Articles Posted in Fraud

Debtors.jpgIf you owe someone a debt and you attempt to avoid paying that debt by transferring your assets to a family member or another entity you control to try to keep it out of the reach of your creditors you may be violating the Texas Uniform Fraudulent Transfers Act (UFTA). UFTA is found in Chapter 24 of the Texas Business and Commerce Code.

Sec. 24.005 of UFTA covers transfers that are fraudulent as to present and future creditors. This section provides that a transfer made or obligation incurred by a debtor is fraudulent as to a creditor, regardless of whether the creditor’s claim arose before or within a reasonable time after the transfer was made or the obligation was incurred, if the debtor made the transfer or incurred the obligation:

(1) with actual intent to hinder, delay, or defraud any creditor of the debtor; or (2) without receiving a reasonably equivalent value in exchange for the transfer or obligation, and the debtor:

Fraud.jpgChapter 27 of the Texas Business and Commerce Code provides an additional remedy to persons who are victims of fraud in connection with real estate and stock transactions. The elements of statutory fraud are essentially the same as common-law fraud, except to establish statutory fraud the plaintiff does not have to prove the defendant’s knowledge or recklessness.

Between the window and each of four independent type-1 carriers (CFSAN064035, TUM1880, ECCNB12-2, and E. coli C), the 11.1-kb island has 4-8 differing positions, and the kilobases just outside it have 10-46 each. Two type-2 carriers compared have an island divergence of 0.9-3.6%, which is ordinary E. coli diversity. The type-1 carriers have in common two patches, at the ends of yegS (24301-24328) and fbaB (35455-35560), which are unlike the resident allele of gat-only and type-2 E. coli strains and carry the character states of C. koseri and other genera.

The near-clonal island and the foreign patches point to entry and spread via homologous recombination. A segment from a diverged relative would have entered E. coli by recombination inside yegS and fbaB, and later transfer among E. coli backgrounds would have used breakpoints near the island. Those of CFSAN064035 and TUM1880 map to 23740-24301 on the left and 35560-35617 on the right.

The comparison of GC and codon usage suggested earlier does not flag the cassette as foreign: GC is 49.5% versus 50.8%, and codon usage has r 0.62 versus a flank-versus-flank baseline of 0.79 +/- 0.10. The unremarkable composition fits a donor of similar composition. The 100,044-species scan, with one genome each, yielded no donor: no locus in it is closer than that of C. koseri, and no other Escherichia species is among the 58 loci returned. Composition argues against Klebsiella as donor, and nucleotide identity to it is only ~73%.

To bring an action for statutory fraud, the plaintiff must establish that there was fraud in connection with a transaction involving real estate, stock in a corporation or stock in a joint-stock company. A transaction means that there is either a sale of real estate or a stock or there was a contract to sell real estate or stock entered into between the parties. Real estate includes land, the structures or improvements on the land and any assets of the real estate, such as minerals and water. A transaction involving the purchase of a stock option, however, is not considered a transaction involving stock in a corporation under Chapter 27.

To prevail in an action for statutory fraud, the plaintiff must prove that the defendant: